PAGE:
Almost all blueprints for tackling global warming assume that energy efficiency will have a huge role to play. Nicholas Stern devoted a whole chapter to it in the report he wrote on climate change for the British government. In the greenest of futures mapped out by the International Energy Agency, a think-tank financed by rich countries, greater efficiency accounts for two-thirds of emissions averted. The McKinsey Global Institute (MGI), the research arm of the consultancy, thinks that energy efficiency could get the world halfway towards the goal, espoused by many scientists, of keeping the concentration of greenhouse gases in the atmosphere below 550 parts per million.
The Economist also notes that America has become more energy efficient since 1973 a year in which we spent 12% of our gross domestic product on energy. Recently that figure has fallen to 7%. Of course some of that decline in energy use was due to the transfer of energy intensive industries (and jobs) to other countries. Green experts like Amory Lovins insists that an enormous amount of energy use savings that could be accomplished through greater energy efficiency.
Because so much can be done with just technical efficiency, there's a great deal of flexibility -- in how and where people live, what houses look like, how we get around, what our settlement patterns are. For example, it's very straightforward to have uncompromised, normal-sized family cars achieving upwards of 100 miles a gallon, with improved safety and excellent economics. We know how to triple the efficiency of trucks, and we can probably do even better on planes, I think by a factor of six or so better than now.
According to Lovins incredible energy savings that practically pay for themselves as soon as they are installed are available for the American home.
My own house uses 1 percent the normal amount of space- and water-heating energy, and 10 percent the normal amount of electricity. The efficiency upgrades took ten months to pay for themselves in 1983. But if we were building the house now, we'd be able to save another two-thirds of the remaining electricity, and it would probably cost even less to build.
Quite obviously Lovins does not spend much time watching plasma TV's. Lovins doesn't have time to watch TV because it takes all of his time to dream up such bullshit. As a householder I did my own home energy efficiency program in the 1980's and 90's. And while my wife and I were able to effect substantial energy savings we never came close to the energy reduction Lovins claims to have realized. Nor did the energy efficiencies pay for themselves in anything like 10 months.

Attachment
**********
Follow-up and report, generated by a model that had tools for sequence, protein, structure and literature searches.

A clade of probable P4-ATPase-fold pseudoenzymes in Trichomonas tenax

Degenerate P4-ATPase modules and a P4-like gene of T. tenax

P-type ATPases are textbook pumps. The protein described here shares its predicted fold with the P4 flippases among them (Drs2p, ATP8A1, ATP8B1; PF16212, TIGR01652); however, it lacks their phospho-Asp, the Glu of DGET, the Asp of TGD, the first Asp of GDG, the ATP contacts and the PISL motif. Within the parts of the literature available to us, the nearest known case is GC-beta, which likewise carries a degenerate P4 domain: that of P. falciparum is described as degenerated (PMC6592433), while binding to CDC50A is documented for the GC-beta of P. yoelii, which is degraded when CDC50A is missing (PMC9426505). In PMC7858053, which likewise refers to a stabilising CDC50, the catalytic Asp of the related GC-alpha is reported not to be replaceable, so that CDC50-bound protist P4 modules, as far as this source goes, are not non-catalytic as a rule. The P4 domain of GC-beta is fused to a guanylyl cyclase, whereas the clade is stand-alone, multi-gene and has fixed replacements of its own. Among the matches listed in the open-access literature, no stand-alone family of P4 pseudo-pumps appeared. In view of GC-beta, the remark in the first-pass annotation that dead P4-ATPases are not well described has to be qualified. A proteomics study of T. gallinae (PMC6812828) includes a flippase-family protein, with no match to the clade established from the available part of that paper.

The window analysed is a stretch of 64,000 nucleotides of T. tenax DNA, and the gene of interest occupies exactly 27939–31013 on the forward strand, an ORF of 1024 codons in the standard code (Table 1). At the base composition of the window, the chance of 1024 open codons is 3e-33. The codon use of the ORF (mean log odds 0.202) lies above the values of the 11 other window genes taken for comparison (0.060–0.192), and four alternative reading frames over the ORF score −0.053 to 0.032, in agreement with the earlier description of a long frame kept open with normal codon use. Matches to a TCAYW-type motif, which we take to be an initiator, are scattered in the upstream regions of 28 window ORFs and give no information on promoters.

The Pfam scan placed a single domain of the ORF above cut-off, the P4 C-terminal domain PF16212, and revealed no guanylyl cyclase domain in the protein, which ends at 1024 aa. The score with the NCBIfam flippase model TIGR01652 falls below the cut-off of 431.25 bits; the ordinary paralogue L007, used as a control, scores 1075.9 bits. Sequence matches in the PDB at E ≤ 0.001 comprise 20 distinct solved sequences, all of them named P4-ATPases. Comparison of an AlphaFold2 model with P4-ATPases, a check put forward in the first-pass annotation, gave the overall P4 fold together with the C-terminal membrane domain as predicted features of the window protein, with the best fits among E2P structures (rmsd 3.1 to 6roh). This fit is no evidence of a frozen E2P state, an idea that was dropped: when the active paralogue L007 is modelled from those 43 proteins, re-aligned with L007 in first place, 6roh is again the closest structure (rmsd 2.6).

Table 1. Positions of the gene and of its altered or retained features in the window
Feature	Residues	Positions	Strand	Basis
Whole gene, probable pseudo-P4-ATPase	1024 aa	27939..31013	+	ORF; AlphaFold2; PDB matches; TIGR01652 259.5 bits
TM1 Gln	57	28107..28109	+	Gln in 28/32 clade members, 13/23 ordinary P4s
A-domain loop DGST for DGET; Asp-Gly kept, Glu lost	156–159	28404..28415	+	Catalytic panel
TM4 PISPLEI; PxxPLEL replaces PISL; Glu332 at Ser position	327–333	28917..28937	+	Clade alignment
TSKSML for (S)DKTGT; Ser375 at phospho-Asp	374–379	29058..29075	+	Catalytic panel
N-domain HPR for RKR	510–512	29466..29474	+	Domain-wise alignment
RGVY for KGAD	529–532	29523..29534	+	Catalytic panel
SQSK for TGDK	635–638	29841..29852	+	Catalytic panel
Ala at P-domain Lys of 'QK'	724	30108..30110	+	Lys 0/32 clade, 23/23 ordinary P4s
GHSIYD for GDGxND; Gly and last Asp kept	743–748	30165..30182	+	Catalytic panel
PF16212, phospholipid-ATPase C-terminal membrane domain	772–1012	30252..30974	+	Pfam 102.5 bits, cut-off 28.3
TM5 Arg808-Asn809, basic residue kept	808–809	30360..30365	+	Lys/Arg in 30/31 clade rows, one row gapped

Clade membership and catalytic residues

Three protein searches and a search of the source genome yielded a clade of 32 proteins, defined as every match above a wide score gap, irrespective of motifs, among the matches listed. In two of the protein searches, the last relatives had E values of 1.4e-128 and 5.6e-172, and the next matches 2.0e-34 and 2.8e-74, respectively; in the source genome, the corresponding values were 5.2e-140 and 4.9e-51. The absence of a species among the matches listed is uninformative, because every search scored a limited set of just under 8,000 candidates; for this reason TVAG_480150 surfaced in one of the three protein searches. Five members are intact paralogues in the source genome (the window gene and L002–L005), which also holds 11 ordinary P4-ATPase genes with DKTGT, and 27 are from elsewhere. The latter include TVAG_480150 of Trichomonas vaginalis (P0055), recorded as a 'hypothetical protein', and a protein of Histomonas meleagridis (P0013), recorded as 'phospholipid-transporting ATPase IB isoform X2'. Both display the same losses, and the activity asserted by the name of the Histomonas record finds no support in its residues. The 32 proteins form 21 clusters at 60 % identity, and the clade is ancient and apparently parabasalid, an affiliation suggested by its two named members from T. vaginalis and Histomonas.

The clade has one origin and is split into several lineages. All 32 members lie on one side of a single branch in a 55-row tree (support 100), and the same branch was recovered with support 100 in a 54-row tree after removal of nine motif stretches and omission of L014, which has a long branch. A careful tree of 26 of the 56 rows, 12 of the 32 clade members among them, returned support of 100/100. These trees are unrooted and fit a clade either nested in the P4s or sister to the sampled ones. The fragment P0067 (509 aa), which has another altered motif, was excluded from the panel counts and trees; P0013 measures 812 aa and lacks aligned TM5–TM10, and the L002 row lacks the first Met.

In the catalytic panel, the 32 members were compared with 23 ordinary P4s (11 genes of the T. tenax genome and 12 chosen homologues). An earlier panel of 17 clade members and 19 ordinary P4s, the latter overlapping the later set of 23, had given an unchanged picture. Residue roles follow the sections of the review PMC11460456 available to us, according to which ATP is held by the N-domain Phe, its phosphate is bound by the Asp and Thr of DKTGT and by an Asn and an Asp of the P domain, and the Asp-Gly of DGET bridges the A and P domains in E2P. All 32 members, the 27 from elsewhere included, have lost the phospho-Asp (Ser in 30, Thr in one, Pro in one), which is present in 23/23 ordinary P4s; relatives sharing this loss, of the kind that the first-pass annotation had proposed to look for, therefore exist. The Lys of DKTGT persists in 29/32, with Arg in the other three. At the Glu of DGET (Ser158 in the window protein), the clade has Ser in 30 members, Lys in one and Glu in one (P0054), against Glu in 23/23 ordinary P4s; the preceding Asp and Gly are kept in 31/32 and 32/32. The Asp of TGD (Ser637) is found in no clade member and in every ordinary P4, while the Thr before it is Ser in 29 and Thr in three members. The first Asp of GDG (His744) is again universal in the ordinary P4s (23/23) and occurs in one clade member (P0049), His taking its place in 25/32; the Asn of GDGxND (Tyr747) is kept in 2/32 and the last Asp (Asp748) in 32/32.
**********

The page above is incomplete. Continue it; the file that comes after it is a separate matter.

If my readers are wondering about energy savings investments, solar water heaters would be high on my list for many localities. But there are areas of the country where a cloudy climate makes solar hot water heaters a bad investment, even with tax and power company subsidies. Solar hot water heaters would be a good investment in Snowmass, Colorado, but 10 months is not to believed. Lovins heated the water with the assistance of a second system, one while relied on a lot of bullshit to supplement heat from the sun. A payback period of 10 years would not be unusual for a solar hot water heater. But in some cloudy localities it might take 30 years. The solar heating project in a cloudy community might never pay for itself. Thus when the eco-cheerleaders at Treehugger want to put solar hot water heaters on every roof, they reveal themselves to be exceedingly ill informed. Local climate factors play a far bigger role that Amory Lovins allows in determining the payback time for energy saving technology.

There are other factors that may differ within localities that can effect the value of efficiency. For example, in hot climates shade trees have a cooling effect on buildings, but if you have shade trees, the shade effects the efficiency of solar hot water heaters. While ground source heat pumps are more efficient than air source heat pumps, they are far more expensive to install, and far more expensive to repair.

In addition, unanticipated factors may negatively impact on energy efficiency. For example, the clay soil of North Texas expands during rainy periods and contracts in dry weather. The soil movement can damage home foundations, and this in turn can damaged the effectiveness of home insulation. Thus investments in home energy efficiency might in Dallas include foundation repairs. Doubling home insulation might not pay for itself if the shifting foundation has unseated double pane windows, allowing drafts to enter the home at numerous points. Even repairing the windows might not help, since the next time the foundation shifts, the windows would become unseated again. Repaired foundations can and do shift with new soil movement.

The fact that anyone gives the slightest amount of credence to Lovins energy efficiency argument, represents the triumph of hope over fact and logic. People believe Lovins because it is comforting to do so. As long as they do, politicians do not have to confront the public with unpopular energy choices. Thus Amory Lovins is a hero to every politician who wants to avoid uncomfortable energy related issues. Lovins is not a hero to people who are deeply concerned about the energy future, and for people who have high regard for rigorous standards for truth.

But if Amory Lovins is wrong that efficiency will fill the energy supply gap, then renewable based solutions that rely on energy efficiency to fill the gap between energy demand, and a renewables based energy supply, are likely to fail badly, and to leave society in deep trouble.

The entire renewables, energy efficiency paradigm is built on an intellectual foundation laid by Amory Lovins. Given the importance of Amory Lovins energy theories, relatively little scholarly analysis has been directed toward assessing it. Alvin Weinberg offers deep and telling criticisms of Lovins, often without direct references to Lovins texts. There was a considerable dialogue between Weinberg and Lovins and the mention of Weinberg's name in "The Road not Taken" does not fully indicate the true extent of Weinberg's influence on Lovins. It is Lovins latgely unacknowledged dependency on Weinberg, that makes Weinbery's criticism so telling.